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Most of us have read articles and weighty analyses about "The Problem" with current advisor regulation--which is, simply stated, that RIA offices are not currently examined nearly often enough for the protection and security of the general public. I think the current figure is that some advisors have to wait 11 years before an SEC examiner pays them a visit, and some of the analyses have suggested that every four years would be a more palatable schedule. What you never hear, in any of the discussions about advisor regulation, is a more basic question: why, exactly, do we need these examinations at all?

(Editor's Note: This post was written by guest blogger and financial planning commentator Bob Veres, in the July 2012 issue of Inside Information. If you're interested in his newsletter, you can sign up for a trial of Inside Information, or receive a discount when subscribing simultaneously to Inside Information and The Kitces Report. You can also follow Bob Veres on Twitter at @BobVeres.)

If you're sitting there in shocked silence, please hear me out.  The current SEC examination system asks a lot of questions, but what part of the examination would have uncovered the very scandals that have provoked all this hand-wringing about 11 years versus four?  We know these issues are not rigorously pursued by the current SEC examination process because Bernie Madoff managed to survive several examinations, as did Allen Stanford.  In fact, I have not heard of a single instance where an SEC examination uncovered a Ponzi schemer.  People whose trade blotter is not signed within 30 days, yes.  People who are actively stealing money, no.

The regulators typically find out about fraud and consumer abuse through consumer complaints or an internal whistle-blower.  So why aren't THOSE the areas where everybody calls for improvement at the SEC?

Law offices are not routinely examined by regulators.  Nor are accounting offices.  Why should RIA offices undergo regular visits?  You could argue that they handle client money, but if the money is at a large, recognized custodian, this really isn't true.  Lawyers serve as trustees of trust assets, but the money is housed elsewhere, and nobody is calling for routine inspections of their offices.

Somehow, along the way, it became an accepted article of faith that a certain number of regulatory inspections would protect the public, and Congress is attempting to rectify The Problem, with generous support from the brokerage firms and FINRA.  But before we all jump on this bandwagon, shouldn't we ask for the evidence that demonstrates the effectiveness of this proposed solution?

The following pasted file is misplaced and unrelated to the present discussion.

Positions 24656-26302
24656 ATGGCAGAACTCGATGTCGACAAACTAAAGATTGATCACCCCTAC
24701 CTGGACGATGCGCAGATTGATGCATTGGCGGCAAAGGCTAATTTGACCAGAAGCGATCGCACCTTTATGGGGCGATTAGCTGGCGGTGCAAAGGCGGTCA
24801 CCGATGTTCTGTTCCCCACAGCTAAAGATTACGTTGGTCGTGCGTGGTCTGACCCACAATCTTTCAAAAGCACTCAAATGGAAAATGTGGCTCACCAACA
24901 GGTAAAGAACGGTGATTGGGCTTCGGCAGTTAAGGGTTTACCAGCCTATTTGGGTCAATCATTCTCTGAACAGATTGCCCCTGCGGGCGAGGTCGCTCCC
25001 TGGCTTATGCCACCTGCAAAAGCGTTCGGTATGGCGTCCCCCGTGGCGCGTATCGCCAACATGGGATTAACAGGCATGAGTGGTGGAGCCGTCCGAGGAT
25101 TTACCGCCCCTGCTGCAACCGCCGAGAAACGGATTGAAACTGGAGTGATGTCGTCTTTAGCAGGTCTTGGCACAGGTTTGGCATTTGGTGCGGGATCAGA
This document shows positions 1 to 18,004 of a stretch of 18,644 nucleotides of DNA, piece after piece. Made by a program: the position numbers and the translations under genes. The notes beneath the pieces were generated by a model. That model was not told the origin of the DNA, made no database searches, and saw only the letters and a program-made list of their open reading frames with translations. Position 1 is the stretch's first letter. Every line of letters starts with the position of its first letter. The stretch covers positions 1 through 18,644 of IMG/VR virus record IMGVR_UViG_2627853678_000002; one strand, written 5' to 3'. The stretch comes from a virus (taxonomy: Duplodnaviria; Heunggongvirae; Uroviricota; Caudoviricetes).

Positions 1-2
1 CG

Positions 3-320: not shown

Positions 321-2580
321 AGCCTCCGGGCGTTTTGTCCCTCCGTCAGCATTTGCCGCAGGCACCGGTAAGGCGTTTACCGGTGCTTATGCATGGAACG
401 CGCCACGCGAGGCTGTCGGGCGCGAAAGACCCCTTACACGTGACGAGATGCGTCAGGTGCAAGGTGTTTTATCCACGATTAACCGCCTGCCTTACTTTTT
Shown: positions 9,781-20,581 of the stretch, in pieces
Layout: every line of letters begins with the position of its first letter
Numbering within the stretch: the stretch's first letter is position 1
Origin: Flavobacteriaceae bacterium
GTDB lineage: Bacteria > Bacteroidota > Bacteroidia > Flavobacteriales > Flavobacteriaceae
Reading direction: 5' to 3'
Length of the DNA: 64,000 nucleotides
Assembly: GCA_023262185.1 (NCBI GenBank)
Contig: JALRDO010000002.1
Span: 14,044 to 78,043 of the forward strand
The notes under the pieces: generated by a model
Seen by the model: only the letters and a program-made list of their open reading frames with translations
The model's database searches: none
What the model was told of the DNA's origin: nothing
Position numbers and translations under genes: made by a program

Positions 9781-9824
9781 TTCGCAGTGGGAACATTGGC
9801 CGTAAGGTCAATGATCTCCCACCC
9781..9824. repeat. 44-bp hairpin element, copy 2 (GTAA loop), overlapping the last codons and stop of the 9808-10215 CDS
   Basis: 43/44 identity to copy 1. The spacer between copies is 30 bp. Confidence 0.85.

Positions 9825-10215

So what do you think? Is The Problem with the advisory industry really that there aren't enough on-site examinations of advisors' offices? Do you think that would be a more effective means to protect the public from "bad" advisors? Should there be a distinction in the oversight of advisors who have custody of client money, versus those who don't?

  • Jason Hull

    We look to find quick fixes to everything. In this case, it’s more regulators and inspections, rather than looking for the underlying, systemic problems which need to be fixed (e.g. fiduciary duty).

    The SEC regulators didn’t catch on to the MBS fiasco until it was too late. Thrift regulators and inspectors didn’t notice bad loans and mortgages until it was too late.

    Instead, we’re faced with the Einstein definition of insanity: doing the same thing over and over again and expecting different results.

  • Nicholas Stuller

    Michael-thanks for reposting this. Bob-many thanks for asking this very good question. I spent 7 years at the largest compliance consulting firm and have been supporting RIAs since the early 1990’s so have some perspective here. The answer is the inspections are necessary, BUT, they need to be conducted differently. I have seen firsthand RIAs that were given deficiencies for correct reasons, and indeed the SEC has stopped wrongdoing. But, the inspections need to be much smarter and practical. Indeed, the SEC focuses too much on incorrect form completion, and not enough on the real areas of risk. Moreover, the bigger risk to investors are not those that are already registered, but unregistered advisors.

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  • Advisor

    Professional associations (and before them guilds) have throughout time sought to establish barriers to entry to keep out competition.

    Examinations and regulation are a fiction and we need to be extremely cautious of those that publicly are calling for these things (read – the leaders of all credible planning organizations; they do so for their own benefits, it will not benefit clients, whether they know that or not).

    The SEC has said a major focus will be making the amount of AUM correct on the ADV. That form no one but other advisors look at. That’s their concern.

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Michael E. Kitces

I write about financial planning strategies and practice management ideas, and have created several businesses to help people implement them.

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